Tennesseans Encouraged to Know the Signs of Elder AbuseElder Abuse Awareness Day Activities Promote Actions to Prevent and Report Abuse
NASHVILLE – The Tennessee Department of Human Services (TDHS) and Tennessee Commission on Aging and Disability (TCAD) are recognizing June 15 as World Elder Abuse Awareness Day (WEAAD) by bringing awareness to the signs of abuse, methods to report abuse, and resources for caretakers. In recent years, the department’s Adult Protective Services (APS) program has led efforts to strengthen coordination among partners such as sister state agencies, state councils and commissions, law enforcement and legal authorities, and other organizations to combat elder abuse.
The Adult Protective Services (APS) program investigates allegations of the neglect (including self-neglect), abuse, and financial exploitation (specifically funds paid by a governmental agency) of vulnerable adults. In 2016, APS led the creation of the Coordinated Community Response Team with 20 other government and non-profit agencies that play a role in responding to the abuse of vulnerable adults. The goal was to improve communications, streamline investigations, and reduce the number of abusive unlicensed facilities. This year APS, in partnership with Tennessee State University, is hosting its annual CARES Conference to bring together service providers dedicated to improving conditions for older and vulnerable Tennesseans.
“Ensuring the well-being of vulnerable Tennesseans is a constant priority for our department, which our Adult Protective Services team works tirelessly to do,” said Clarence H. Carter, TDHS Commissioner “Their work, and the protection of older and vulnerable Tennesseans is incumbent upon the contributions of all of us, which is why awareness of elder abuse is important, as well as support to help prevent it.”
Last year APS received more than twenty-one thousand reports of suspected abuse. Most of the reports involved neglect, including self-neglect, which occurs when the basic needs of a dependent adult aren’t being met. Neglect remains a concern for seniors across the state.
Neglect may be the unintentional result of a caregiver's inability to provide the care an adult requires or due to the intentional failure of the caregiver to meet essential needs. Self-Neglect occurs when a dependent adult is unable to care for him/herself or obtain needed care. The impairments and in some cases deterioration can occur to the point that the adult's life may be at risk. Common signs of this problem include:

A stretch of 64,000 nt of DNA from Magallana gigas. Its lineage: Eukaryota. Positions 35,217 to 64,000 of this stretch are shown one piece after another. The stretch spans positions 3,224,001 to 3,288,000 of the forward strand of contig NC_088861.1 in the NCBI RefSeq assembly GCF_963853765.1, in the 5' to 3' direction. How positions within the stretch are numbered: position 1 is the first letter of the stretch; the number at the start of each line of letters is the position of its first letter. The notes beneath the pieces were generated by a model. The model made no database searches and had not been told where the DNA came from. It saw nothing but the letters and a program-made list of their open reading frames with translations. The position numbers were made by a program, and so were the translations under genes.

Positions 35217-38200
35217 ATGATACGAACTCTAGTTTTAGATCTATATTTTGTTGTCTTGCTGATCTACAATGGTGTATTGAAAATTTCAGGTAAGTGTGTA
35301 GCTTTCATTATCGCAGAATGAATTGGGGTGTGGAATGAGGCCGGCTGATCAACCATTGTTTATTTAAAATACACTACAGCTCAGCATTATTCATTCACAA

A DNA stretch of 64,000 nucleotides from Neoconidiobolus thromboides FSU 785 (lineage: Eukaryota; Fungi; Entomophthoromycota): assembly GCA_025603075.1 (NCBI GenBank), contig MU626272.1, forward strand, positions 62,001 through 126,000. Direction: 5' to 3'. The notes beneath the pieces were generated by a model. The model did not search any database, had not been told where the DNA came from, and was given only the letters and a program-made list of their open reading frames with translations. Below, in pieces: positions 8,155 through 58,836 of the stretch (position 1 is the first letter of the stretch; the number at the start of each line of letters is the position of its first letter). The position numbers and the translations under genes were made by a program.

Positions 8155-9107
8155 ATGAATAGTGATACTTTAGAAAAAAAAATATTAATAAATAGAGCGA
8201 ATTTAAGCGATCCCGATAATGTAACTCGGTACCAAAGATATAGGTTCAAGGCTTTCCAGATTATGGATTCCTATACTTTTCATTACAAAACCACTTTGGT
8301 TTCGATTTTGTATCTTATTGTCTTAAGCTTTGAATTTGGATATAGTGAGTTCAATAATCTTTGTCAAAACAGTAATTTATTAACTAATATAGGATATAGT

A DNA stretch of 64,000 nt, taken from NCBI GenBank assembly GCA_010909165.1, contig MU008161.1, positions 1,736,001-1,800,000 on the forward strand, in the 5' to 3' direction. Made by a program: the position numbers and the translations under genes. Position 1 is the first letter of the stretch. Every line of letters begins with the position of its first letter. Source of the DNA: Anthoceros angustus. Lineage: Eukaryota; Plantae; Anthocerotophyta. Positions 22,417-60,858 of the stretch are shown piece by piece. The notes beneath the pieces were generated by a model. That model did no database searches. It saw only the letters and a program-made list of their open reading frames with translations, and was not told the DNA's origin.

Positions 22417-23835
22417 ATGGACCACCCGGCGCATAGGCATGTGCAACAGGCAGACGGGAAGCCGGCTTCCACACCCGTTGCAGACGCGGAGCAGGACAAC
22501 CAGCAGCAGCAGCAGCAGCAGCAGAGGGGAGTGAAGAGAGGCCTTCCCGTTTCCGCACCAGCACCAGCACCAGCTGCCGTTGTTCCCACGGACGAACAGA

- Unusual weight loss, malnutrition, and dehydration.
- Untreated physical problems such as bed sores.
- Unsanitary living conditions, dirt, bugs, soiled bedding, and clothes.
- Being left un-bathed.
- Unsuitable clothing or covering for the weather.
- Unsafe living conditions (no heat or running water, faulty electrical wiring, and other fire hazards).
Individuals can report suspected abuse at https://reportadultabuse.dhs.tn.gov/ or by calling 1-888-APS-TENN (1-888-277-8366) toll free.
“Today and every day we renew our commitment to combat and raise awareness of elder abuse so that all older adults are able to thrive,” said TCAD Executive Director James Dunn. “Combating elder abuse begins with each of us, and as mandatory reporters, we will never shy away from ensuring every Tennessean–no matter their age–can live their life with dignity and respect.”
The Collaborative Response to Elder and Vulnerable Adult Abuse (CREVAA) is a Victims of Crime Act grant managed by TCAD and run through Area Agencies on Aging and Disability (AAADs) and Human Resource Agencies (HRAs) across the state. The CREVAA program provides emergency services and supports to older and vulnerable adult victims of crime in all 95 counties in Tennessee. For further information on CREVAA, please contact the AAAD/HRA in your area: 1-866-836-6678.
The International Network for the Prevention of Elder Abuse and the World Health Organization established WEAAD in 2006 to raise awareness about the problem. June 15, 2022, has also been proclaimed as Elder Abuse Awareness Day in Tennessee by Governor Bill Lee. In recognition, the Korean Veterans Memorial Bridge and Tennessee State Capitol Building cupola in Nashville will be lit in the official color of purple on June 15.
Learn more about the Tennessee Department of Human Services at www.tn.gov/humanservices.